The gong of time rings with a resounding thunk at the moment one looks back on all the years, realizing with a sudden shock how, the last ten years having zipped by in a nanosecond, the years stretching ahead are ominously few. After sixty, one thinks (or tries not to think) of best and worst case scenarios: ten to fifteen years no longer stretches ahead lazily, but looms as a finite entity which must not be squandered.
One tricks oneself into moving through lazy self-directed days, one still wastes whole chunks of time, hours, days, even weeks. There is still next week, next month, next year to clean out the detritus in the cupboards, write the book of one's life, make out a will, tell everyone in your life what they mean to you. Until there isnt.
After sixty, the sense of infinite possibility changes. Once one envisioned white knights who may yet arrive. Now the probable scenario switches to handy-dart drivers, meals on wheels, even hearse drivers who may pull up to one's door unexpectedly. Why unexpected? Why is it that each of us knows that everyone dies, but continues to believe it will always be Somebody Else? Possibilities now include knee replacement and orthotics, the challenge of living on too little money, and the stunning dental lottery by which one races one's teeth to the Final Demise.
One has long since stopped clicking through the leering hairy photos on match.com. Who needs a grizzled bad-tempered wart-encrusted lothario with wandering eyes and expensive tobacco habits cluttering up one's living space? The lifelong pursuit of peace is attained and re-embraced with every bout of solitude, finally underlining that this is my chosen and preferred state, reclaimed after each relinquishment with stronger fervor.
The time factor begins to press urgently when someone who started one's life fully expecting to have books published has been so busy raising children, that she has written only one, as the second and perhaps the most definitive clamors insistently. The time is now to tell my story, proof against my children's claims that they had the most traumatic childhoods on the planet. Yes, even worse than Rwandan children, or those raised in caves in Afghanistan! I remember all those years, all the laughter, all I put into it - my life's blood, a trend that continues into my declining years, head bloody but unbowed. I shall write it down, all I remember, hoping at least one of my offspring will read it:)
Declining years - somehow when I look back at the trajectory of this path I bumbled upon, I see an ascent, rather than a descent. Flailing and wretched, I stumbled by fate and fortune onto some magical turnings, and grew with every decade deeper into myself and the journey. If this be close to the pinnacle, it might give one pause to take stock: the fatigue of shoring up other peoples' journeys; limbs showing the wear and tear of all the self-flogging required to assume a load big enough for two or three, toppling about precariously on my shoulders; days when I can barely stagger about with yelps of pain; finances best not even mentioned; in need of help, after all the helping, and a future that promises no ease of these difficulties.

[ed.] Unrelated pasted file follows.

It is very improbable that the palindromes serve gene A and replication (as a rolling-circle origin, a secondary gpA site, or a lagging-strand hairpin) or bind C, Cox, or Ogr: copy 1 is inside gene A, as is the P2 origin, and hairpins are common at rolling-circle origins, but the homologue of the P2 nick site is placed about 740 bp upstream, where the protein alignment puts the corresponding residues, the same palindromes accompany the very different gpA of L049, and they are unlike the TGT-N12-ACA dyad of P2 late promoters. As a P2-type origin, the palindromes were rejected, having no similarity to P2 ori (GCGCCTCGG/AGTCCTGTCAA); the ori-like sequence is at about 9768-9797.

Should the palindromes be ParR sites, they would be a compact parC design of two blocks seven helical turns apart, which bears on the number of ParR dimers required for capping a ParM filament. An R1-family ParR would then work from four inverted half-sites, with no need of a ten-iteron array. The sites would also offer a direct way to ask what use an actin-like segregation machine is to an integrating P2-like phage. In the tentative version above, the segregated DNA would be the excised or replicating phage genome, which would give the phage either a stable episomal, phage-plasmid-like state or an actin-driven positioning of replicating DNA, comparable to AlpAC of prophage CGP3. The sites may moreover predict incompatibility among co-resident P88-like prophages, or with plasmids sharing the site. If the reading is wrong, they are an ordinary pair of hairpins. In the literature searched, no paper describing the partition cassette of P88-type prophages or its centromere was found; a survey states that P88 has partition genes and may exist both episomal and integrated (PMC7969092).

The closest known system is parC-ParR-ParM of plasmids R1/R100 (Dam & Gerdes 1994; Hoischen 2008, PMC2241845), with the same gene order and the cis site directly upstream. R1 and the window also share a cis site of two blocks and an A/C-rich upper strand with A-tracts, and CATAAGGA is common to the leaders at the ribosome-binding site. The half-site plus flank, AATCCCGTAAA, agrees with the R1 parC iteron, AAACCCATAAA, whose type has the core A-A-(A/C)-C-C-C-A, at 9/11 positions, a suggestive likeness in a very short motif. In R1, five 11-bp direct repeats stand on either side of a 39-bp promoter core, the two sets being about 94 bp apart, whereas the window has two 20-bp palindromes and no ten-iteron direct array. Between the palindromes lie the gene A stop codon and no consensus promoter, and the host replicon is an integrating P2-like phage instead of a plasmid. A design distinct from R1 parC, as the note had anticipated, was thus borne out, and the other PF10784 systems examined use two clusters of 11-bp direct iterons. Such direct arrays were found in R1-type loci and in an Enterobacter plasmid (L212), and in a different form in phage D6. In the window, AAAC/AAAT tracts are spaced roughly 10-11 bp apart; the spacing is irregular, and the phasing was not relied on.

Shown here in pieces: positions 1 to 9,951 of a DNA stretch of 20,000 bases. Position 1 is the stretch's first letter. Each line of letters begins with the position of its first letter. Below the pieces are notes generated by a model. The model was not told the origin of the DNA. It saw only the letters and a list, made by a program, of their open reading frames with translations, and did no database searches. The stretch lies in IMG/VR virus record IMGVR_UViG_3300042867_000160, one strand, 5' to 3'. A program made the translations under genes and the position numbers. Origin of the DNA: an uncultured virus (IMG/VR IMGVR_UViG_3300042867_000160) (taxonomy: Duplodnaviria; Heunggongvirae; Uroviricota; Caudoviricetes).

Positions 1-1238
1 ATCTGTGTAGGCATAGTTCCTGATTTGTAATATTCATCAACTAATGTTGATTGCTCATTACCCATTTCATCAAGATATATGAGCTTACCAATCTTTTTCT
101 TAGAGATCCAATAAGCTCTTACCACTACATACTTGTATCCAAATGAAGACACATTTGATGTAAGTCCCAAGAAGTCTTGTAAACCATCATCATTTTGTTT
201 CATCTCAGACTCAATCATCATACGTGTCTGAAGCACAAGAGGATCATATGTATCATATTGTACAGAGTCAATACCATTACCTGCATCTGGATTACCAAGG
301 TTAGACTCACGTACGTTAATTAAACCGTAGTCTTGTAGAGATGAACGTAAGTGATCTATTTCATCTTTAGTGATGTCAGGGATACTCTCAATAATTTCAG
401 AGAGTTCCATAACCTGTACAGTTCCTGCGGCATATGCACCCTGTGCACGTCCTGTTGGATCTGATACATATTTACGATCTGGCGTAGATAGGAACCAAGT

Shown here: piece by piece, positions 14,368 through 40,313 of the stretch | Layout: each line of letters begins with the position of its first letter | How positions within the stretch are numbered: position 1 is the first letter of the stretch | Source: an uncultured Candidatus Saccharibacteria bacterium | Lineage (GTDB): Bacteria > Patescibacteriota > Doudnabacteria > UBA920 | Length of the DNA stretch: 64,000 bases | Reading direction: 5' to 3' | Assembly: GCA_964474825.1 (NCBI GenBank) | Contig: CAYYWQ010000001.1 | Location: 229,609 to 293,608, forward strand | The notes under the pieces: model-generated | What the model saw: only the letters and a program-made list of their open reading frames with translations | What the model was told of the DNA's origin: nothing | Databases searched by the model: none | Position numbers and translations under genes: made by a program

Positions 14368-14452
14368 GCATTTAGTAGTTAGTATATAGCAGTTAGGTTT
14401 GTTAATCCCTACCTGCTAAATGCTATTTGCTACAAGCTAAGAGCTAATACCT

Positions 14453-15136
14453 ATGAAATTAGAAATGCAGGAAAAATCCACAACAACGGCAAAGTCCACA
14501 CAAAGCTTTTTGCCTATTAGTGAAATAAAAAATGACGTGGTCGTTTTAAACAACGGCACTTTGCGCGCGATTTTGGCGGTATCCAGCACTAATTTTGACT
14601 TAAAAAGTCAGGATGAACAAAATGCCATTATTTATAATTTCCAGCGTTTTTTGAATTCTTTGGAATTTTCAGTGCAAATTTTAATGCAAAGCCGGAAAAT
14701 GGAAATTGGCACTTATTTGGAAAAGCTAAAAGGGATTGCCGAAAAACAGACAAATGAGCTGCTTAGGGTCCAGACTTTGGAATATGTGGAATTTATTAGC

BUT! The riches! Having raised those children alone with all ofthe energy and heart I could summon. Being a loved and appreciated grandma and now a great-grandma. The coffeehouse years that showed me Another Way. Having made one of the strongest dreams of my life come true in my move to the ocean. Ten glorious years immersed in the wonders of nature, in a community of kindred spirits. Having come home fully to myself, being okay with who I am and the life I have lived. Loving my little trailer, my books and music, my furry companions and the peacefulness of my life, waking up each day to a day that is my own, at last, at LAST!
I heard the gong clearly when my mother died, in that passage conferring the mantle of family matriarch on me. With her passing, there was no longer a buffer between me and my own mortality. Her presence had kept me young, still someone's child. With her death in 1994, perforce I became a grownup.
I see in the younger generation the self-absorption of the young, the youthful unawareness of just how mortal I am, just how finite my years. They think they have lots of time to work out the issues and the anger. They dont know that their perception of the years I gave my heart and soul to rewrites history in a way that erases my life, removes all the joy and striving, all the effort, that I put into our lives together.
The gong reverberates inside more frequently; the press of time ahead being extremely finite, is still there. Yet human nature is such that one wakes to the promise of a new day as if one always will. Unable or unwilling to grasp the reality, even as one sits by the deathbeds of others, that one morning will dawn without one being present to witness it.
In response to death, one can only live, as fully and consciously as one can, appreciating the gifts and the glory, the way a new bud unfurls under the first warmth of spring, or a newborn opens its eyes on a world tinged with wonder.
Walking with my sister and the dogs the other night, after my son had once again unthinkingly flattened me by a careless comment that erased his entire childhood, I moaned, "It's going to be horrible having to go through my Life Review at the end of my life. It's been hard enough living through it once!"
My sister smiled. "I'm sure when St Peter sees you, he'll just say 'dont even bother' and wave you right in," and we both cackled hopelessly.